Moores felt the proposed system sounded suspiciously like the free Instant Messenger service offered by Microsoft - apart from the fact that it would cost a lot more. Surely, he argued, the NHS could purchase a commercial system for far less than it was planning to pay EDS.
Jonathan Rees agreed. "This would appear to be another case of prestige overruling common sense. £91m of taxpayers' money is to be frittered away unnecessarily again - aren't these people accountable to anyone? The likelihood is the project will come in vastly over budget and late, if at all. It also makes me wonder if there is any project management or cost/benefit analysis that takes place in any government department - any realistic examination of the alternative should have ruled out this course of action straight away.
It would be far better to spend the money on things that would really improve the NHS Phil Roberts said. "The money would be better spent on patients. Many hospital PC users already have e-mail in place on their systems, handled by their in-house servers. The proposed e-mail system would be simple and inexpensive to implement if the NHS rationalised the IT infrastructure and ensured these servers could communicate with each other. Each hospital's own in-house IT departments would then implement the infrastructure. It would only require a team of IT professionals to oversee the project.
The wider issue, as far as Steve Barrett is concerned, is that the public sector should be made far more accountable. "I am disgusted at the amount of money so-called NHS Managers waste on IT projects which often seem bound to fail before they even start. This is taxpayers' money being thrown away. I have worked in IT for over 20 years and now work as a freelance consultant for a variety of SMEs - the key to successful projects is scoping well, keeping them simple and breaking projects down into manageable phases. I do not think many people in the public sector have any concept of private sector ethos - they live in a world of their own. As you rightly point out there is some very good software out there already; I am constantly being surprised by the good quality of some of the freeware available. Come on let's make a real stink about this one.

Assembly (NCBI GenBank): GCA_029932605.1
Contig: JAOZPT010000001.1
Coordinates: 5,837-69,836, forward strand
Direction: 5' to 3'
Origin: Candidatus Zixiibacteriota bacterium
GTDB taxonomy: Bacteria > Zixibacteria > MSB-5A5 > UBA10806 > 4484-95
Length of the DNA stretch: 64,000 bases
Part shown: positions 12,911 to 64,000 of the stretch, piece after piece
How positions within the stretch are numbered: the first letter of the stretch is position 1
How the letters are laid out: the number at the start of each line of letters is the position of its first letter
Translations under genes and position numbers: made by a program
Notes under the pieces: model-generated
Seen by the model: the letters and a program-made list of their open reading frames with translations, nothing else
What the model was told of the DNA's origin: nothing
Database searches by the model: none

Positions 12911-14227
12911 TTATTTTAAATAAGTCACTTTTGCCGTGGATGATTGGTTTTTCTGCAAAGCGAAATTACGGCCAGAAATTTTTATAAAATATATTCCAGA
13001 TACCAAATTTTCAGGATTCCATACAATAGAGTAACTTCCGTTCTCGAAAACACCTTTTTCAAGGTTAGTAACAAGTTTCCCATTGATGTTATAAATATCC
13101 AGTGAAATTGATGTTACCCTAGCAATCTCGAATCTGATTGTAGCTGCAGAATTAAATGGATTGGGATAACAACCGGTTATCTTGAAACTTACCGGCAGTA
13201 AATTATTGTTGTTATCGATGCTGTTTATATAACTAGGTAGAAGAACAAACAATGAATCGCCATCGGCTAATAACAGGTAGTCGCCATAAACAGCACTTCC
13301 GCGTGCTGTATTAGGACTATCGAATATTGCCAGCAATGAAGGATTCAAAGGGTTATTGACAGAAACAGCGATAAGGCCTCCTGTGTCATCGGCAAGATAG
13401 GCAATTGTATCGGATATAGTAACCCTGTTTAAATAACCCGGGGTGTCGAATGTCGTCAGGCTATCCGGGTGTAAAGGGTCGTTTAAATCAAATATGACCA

Many of you voiced similar concerns. Darius Collins summed up the general consensus in his response: "If a simple e-mail and messaging system is all that the contract covers then £91 million is clearly a massive overpricing of the project. However, surely this also covers support, servicing, and other such services. Nevertheless, a considerable amount of money would be saved if the NHS asked EDS to install a commercial off-the-shelf product as well as providing the support services already agreed, rather than writing a bespoke messaging system. Perhaps the tendering for these products should be more in the public domain so that feedback on possible solutions is gained from industry experts prior to deciding on a vendor.